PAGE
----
I was a lowly entry-level person at a financial services company and had done some Monte Carlo modeling involving 1,000,000 scenarios. We were developing a new mutual fund project, based on changing allocations over time as people moved towards retirement, and the company wanted me to model outcomes for different allocation trajectories. After a “full” model run of one million scenarios, I made diagnostic graphs showing the distribution of key metrics (such as the annual accumulation of the fund, how many times the fund decreased while the owner was in retirement, and whether – and when – the money in the fund ran out) so that we could analyze different potential fund strategies. The graphs themselves were fairly simple.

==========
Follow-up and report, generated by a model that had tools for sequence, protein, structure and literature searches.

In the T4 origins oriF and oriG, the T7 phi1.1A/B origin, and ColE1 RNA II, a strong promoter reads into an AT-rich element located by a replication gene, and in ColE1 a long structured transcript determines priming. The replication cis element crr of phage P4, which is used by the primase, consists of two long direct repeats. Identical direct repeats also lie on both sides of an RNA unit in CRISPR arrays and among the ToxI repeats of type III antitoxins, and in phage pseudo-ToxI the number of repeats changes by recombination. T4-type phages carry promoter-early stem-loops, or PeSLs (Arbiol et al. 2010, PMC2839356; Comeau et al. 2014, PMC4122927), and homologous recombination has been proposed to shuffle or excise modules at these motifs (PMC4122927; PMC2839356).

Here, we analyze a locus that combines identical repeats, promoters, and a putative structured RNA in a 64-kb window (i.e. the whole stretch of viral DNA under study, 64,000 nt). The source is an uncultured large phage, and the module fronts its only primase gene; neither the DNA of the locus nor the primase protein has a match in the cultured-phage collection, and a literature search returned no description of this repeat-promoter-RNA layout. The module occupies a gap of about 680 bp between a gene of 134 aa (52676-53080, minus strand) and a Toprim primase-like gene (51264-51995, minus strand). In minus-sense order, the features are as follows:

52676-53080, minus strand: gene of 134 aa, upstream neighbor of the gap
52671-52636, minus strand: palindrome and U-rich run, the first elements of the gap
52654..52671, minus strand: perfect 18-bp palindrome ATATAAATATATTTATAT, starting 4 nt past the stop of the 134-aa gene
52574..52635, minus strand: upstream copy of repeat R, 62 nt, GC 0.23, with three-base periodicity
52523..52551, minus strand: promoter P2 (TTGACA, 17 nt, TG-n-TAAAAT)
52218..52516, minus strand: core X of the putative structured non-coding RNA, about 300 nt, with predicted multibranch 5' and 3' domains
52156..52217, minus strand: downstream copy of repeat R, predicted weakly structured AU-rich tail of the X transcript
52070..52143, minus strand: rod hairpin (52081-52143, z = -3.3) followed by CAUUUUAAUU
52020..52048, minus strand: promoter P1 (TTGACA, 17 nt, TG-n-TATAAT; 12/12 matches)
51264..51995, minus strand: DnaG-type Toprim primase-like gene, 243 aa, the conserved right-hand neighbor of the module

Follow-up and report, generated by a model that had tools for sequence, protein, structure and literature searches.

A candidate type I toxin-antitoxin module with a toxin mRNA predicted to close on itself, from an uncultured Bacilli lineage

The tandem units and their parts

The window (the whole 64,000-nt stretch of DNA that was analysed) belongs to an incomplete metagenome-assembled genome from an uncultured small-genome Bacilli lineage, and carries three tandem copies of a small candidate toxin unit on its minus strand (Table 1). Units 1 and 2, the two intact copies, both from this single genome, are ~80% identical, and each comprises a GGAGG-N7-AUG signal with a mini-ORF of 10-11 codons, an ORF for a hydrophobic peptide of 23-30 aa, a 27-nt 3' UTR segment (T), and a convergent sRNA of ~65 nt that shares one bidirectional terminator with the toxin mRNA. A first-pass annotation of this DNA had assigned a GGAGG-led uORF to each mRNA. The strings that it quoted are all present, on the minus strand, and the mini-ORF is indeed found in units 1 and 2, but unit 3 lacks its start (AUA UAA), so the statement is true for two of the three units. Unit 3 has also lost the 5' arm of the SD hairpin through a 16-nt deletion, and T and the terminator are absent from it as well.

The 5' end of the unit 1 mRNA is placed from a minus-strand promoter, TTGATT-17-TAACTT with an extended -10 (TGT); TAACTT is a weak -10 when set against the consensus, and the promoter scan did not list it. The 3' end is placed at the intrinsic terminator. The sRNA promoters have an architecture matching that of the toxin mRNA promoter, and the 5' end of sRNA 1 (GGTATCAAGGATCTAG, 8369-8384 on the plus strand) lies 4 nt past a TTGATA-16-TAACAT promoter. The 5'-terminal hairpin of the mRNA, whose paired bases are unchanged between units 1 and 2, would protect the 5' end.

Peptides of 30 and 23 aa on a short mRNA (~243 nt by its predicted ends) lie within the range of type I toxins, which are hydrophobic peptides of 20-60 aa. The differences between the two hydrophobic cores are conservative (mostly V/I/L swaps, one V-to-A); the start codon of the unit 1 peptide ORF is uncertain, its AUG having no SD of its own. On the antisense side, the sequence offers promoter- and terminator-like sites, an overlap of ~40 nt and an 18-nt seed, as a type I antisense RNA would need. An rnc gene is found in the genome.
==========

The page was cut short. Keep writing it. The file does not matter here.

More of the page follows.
I’m often looking at distributions, and wanting to communicate something about how those distributions change over time, or how distributions compare. Often, I have to simply pick out key percentiles in those distributions, or key aspects, such as mean and standard deviation.
But why not graph all the points in one’s sample directly, if one has them?
Excel continues to be actuaries’ most widely used software tool, with more than 94.3% of respondents reporting that they use it at least once a day. • With that understood, most actuaries (92.3%) use more than one tool. • Actuaries want to increase their proficiency in R (47.2%), Python (39.1%), SQL (30.8%), and Excel (26.0%). • No tool had more than 50% of respondents indicating that they wanted to increase their proficiency. • Time is the greatest barrier to learning new technology. (80.5% of respondents felt so.) • Newer analysis methods such as tree-based algorithms and artificial intelligence (AI) are not widely used (16.5% and 7.0%, respectively).